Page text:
Since the products of the present invention generally come in contact with the skin, the non-aqueous liquid vehicles generally employed are those that are non-toxic or non-irritating when the paper contacts the skin. Furthermore, the said vehicle obviously should be of such a character as not to deleteriously affect the bacteriostatic or germicidal properties of the anti-bacterial agent employed.
All of the ingredients are preferably completely disper sible in the non-aqueous vehicle so that subsequent agitation is not needed to redisperse the ingredients in the vehicle before use. By using the proper percentage of liquid vehicle a total all-side surface treatment is assured. This is especially important when tissue paper is being used which comes in 1, 2, 3, 4-ply or more.
For some purposes it is advantageous to incorporate in the paper certain agents. Thus, for example, there may be added to the liquid vehicle a silicone, wax or other agent which will be adsorbed on the paper when the paper is processed in accordance with this invention.
The germicidal and bacteriostatic agents which are preferably selected for the use in the present invention are the quaternary ammonium compounds which fulfill the requirements of stability, substantivity and low degree of toxity. Of particular interest are the quaternary ammonium compounds of the following general structure wherein R R R and R are selected from the class consisting of alkyl, aryl, aralkyl and heterocyclic radicals and X is a halogen. Of special interest are the alkyl dimethyl benzyl ammonium chloride compounds. The alkyl group in these compounds may be lower or higher alkyl groups.
A variety of water soluble germicidal or bacteriostatic chemicals are known in the prior art which may be used in the present invention. Among these may be mentioned:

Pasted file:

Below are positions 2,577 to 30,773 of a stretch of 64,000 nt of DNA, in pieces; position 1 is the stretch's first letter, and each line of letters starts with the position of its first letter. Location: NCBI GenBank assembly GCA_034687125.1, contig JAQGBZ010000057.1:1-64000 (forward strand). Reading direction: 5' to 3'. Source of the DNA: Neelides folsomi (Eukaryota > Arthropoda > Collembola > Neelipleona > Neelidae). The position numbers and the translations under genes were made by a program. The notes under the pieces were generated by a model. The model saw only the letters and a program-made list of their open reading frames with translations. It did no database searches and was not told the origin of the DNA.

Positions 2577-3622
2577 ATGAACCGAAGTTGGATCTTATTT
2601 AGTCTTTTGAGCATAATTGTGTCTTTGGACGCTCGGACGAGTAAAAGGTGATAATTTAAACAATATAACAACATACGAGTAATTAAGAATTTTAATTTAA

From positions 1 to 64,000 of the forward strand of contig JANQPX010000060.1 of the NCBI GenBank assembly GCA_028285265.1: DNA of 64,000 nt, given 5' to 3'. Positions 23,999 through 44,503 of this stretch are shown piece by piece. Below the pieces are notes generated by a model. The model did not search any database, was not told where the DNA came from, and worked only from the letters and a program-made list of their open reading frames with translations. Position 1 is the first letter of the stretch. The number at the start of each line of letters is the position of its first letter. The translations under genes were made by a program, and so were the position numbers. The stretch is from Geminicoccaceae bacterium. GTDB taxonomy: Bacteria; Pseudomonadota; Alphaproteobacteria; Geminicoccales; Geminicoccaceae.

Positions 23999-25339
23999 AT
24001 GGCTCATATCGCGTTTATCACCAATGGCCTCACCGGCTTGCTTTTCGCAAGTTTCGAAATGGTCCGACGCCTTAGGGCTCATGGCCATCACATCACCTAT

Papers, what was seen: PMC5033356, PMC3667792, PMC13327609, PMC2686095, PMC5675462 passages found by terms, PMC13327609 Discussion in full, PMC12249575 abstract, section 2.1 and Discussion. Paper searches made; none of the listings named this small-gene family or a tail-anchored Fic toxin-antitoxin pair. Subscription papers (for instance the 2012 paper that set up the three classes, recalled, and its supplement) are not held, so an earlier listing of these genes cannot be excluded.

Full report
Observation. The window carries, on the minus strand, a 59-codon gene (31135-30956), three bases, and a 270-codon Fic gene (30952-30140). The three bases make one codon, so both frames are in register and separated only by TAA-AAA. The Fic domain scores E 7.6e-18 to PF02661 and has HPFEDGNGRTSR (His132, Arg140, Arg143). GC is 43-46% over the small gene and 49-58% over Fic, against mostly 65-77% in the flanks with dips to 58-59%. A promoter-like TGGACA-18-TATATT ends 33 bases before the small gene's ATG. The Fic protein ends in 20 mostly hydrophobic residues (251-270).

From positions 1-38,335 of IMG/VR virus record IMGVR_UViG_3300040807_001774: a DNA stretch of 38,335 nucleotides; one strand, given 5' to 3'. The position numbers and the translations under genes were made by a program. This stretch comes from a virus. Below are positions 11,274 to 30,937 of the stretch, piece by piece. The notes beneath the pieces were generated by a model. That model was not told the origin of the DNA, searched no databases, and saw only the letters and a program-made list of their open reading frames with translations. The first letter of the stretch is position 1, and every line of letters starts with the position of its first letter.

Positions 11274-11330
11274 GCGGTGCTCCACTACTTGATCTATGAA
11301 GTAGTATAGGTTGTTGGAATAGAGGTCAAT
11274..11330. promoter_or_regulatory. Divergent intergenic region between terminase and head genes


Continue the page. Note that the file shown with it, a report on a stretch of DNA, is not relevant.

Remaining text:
(27) (fl-Phenoxyethyl) dimethyl dodecyl ammonium H bromide (28) Octyl phenoxy ethoxy ethyl dimethyl p-chlorobenzyl ammonium chloride (29) Dialkyl dimethyl ammonium chloride (30) Dialkyl dimethyl ammonium bromide (31) Decamethylene-bis (decyl dimethyl ammonium) bromide (32) Trialkyl benzyl ammonium chloride (33) Myristamido propyldimethyl benzyl ammonium chloride (34) Myristyl-Y-picolinium chloride (35 N-N-N-N'-tetramethyl-N-N-didodecyl-fl-hydroxypropylene diammonium bromide With the present invention waxes, high percentage pine alcohols, oils and/or silicones can be added to the required degree and the resulting admixture remains clear indefinitely without separation. This will permit the production of bacteriostatic paper for the many different purposes intended in the invention.
A feature of the present invention is the fact that no separation of the essential constituents of the treating composition occurs. This is true of the treating solution before it is applied to the paper or tissue as well as the treating composition disposed on the paper or tissue. Since the treatment of the paper in accordance with the present invention may involve contacting the paper with a treating solution for several days, it is very important that the components of the treating solution do not separate out. Furthermore, since it may take several days for the treating fluid to reach the deeper plies of paper, it is essential for the proper treatment of these deeper plies that the constituents of the treating solution do not separate out.
This property of stability of the present treating compositions is greatly enhanced by incorporating in the treating solution a detergent of general formula 11 amon -omega wherein R is preferably a long chain alkyl radical and x has an average value of from 10 to 20. The best results are obtained with compounds of Formula 11 above wherein R is a saturated highly branched chain alkyl group of from 11 to 15 carbon atoms and particularly with the polyoxyethylene ethers of tridecyl alcohols. By way of illus tration the following compounds which are useful in the present invention may be mentioned: polyoxyethylene ether of tridecyl alcohol containing 12 oxyethylene groups per mole; polyoxyethylene ether of tetradecyl alcohol containing 16 oxyethylene groups per mole; and polyoxyethylene ether of pentadecyl alcohol containing 14 oxyethylene groups per mole.